14.1.4. Synchronization

In an SMP system, data accesses must frequently be restricted to one modifier at any particular time. This can be true for peripheral devices, but also for global variables and data structures accessed by more than one thread or process. Protection of such shared resources is often through a method known as mutual exclusion. In a multi-core system, you can use a spinlock, which is effectively a shared flag with an atomic indivisible mechanism, to test and set its value.

The ARM architecture provides three instructions relating to exclusive access, and variants of these instructions, that operate on byte, halfword, word, or doubleword sized data.

The instructions rely on the ability of the core or memory system to tag particular addresses for exclusive access monitoring by that core, using an exclusive access monitor. The use of these instructions is common in multi-core systems, but is also found in single core systems, to implement synchronization operations between threads running on the same core.

The A64 instruction set has instructions for implementing such synchronization functions:

LDXR performs a load of memory, but also tags the Physical Address to be monitored for exclusive access by that core. STXR performs a conditional store to memory, succeeding only if the target location is tagged as being monitored for exclusive access by that core. This instruction returns non-zero in the general-purpose register Ws if the store does not succeed, and a value of 0 if the store is successful. In the assembler syntax, it is always specified as a W register, that is, not an X register. In addition, the STXR clears the exclusive tag.

Load exclusive and store exclusive operations are only guaranteed to function for Normal Memory which is mapped with all the following attributes:

A mutex or spinlock can be used to control access to a peripheral. The lock location would be in normal RAM. You do not use load or store exclusives to access the peripheral itself.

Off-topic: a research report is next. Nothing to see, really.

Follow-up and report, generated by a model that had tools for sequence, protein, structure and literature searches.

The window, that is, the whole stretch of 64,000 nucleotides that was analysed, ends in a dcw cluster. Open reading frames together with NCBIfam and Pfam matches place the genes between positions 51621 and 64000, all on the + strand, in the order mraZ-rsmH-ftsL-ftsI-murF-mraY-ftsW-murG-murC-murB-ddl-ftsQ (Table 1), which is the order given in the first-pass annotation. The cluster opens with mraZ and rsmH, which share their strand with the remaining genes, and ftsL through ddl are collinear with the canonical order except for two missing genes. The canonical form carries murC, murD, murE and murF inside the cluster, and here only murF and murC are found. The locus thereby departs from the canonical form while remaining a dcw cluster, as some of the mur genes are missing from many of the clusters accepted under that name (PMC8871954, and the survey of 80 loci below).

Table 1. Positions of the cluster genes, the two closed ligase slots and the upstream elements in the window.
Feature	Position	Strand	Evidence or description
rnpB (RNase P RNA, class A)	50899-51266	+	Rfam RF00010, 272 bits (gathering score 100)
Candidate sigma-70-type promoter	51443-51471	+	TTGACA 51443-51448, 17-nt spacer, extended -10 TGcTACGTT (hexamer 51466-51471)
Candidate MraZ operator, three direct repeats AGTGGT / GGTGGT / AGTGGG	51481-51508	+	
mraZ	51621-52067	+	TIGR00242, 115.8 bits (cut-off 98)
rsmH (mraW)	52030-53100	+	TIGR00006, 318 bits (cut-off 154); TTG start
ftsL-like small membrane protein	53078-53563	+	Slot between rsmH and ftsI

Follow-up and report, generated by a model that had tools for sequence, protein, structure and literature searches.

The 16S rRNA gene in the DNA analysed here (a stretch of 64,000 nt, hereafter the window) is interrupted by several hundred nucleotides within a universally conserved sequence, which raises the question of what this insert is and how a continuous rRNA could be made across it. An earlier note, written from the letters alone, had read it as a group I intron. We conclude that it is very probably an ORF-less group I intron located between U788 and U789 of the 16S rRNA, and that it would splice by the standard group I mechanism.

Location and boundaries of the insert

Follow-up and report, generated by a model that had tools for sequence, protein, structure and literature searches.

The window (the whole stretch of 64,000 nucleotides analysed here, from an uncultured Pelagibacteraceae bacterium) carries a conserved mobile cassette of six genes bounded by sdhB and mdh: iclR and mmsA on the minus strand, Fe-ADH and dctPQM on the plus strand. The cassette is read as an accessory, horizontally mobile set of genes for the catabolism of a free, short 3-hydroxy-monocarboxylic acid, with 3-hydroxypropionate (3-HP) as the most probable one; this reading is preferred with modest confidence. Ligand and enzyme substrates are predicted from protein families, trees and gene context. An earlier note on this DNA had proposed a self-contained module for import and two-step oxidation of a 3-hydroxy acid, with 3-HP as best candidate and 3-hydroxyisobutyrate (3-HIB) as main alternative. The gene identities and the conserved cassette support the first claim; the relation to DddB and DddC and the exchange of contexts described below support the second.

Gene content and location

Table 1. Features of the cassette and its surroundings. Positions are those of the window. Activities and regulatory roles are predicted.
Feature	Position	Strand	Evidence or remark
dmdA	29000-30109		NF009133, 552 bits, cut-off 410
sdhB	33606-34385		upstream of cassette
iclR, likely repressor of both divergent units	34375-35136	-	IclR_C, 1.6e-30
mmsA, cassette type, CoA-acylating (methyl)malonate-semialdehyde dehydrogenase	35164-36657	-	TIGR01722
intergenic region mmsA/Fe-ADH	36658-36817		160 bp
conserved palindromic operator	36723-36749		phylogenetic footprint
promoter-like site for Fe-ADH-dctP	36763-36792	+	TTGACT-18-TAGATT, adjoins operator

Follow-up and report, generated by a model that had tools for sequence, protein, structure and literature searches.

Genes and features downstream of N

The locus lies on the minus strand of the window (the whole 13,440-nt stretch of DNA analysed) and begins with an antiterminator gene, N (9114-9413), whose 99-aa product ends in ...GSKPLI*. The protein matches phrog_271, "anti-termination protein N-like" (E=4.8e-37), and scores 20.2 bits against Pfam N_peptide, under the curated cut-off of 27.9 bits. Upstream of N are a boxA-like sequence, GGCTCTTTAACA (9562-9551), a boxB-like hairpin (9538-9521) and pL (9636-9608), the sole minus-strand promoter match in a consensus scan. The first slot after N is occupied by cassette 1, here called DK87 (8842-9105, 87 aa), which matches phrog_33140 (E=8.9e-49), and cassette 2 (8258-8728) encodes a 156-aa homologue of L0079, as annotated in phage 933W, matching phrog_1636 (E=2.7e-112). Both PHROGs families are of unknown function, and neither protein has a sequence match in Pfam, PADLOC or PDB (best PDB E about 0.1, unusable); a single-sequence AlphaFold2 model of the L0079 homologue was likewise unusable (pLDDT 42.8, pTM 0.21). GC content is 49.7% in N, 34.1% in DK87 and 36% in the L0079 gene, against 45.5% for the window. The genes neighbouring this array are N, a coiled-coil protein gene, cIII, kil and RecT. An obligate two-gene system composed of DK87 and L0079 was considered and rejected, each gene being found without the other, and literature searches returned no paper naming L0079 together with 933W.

Each core can only have one address tagged. The exclusive monitor does NOT prevent another core or thread from reading or writing the monitored location, but simply monitors whether the location has been written since the LDXR.

Although the architecture and hardware support implementations of exclusive access, they are dependent on the programmer enforcing correct software behavior. A mutex is simply a flag and the exclusive access mechanism enables this flag to be accessed in an atomic fashion. Any thread or program that accesses the flag can know that it is set correctly. However, the actual resource that the mutex is controlling can still be accessed directly by software that behaves incorrectly. Similarly, the memory that is used to store mutexes has no special properties. When the exclusive access sequence is complete, it is just another piece of data in memory. Furthermore, when writing code that uses mutex for resource protection, it is vital to understand the weakly ordered memory model. For example, without correct use of barriers and other memory ordering considerations, speculation might mean that data has been loaded before a mutex is granted, or that the mutex is released before the critical resource has been updated. For more information about memory ordering considerations, see Chapter 13 Memory Ordering.

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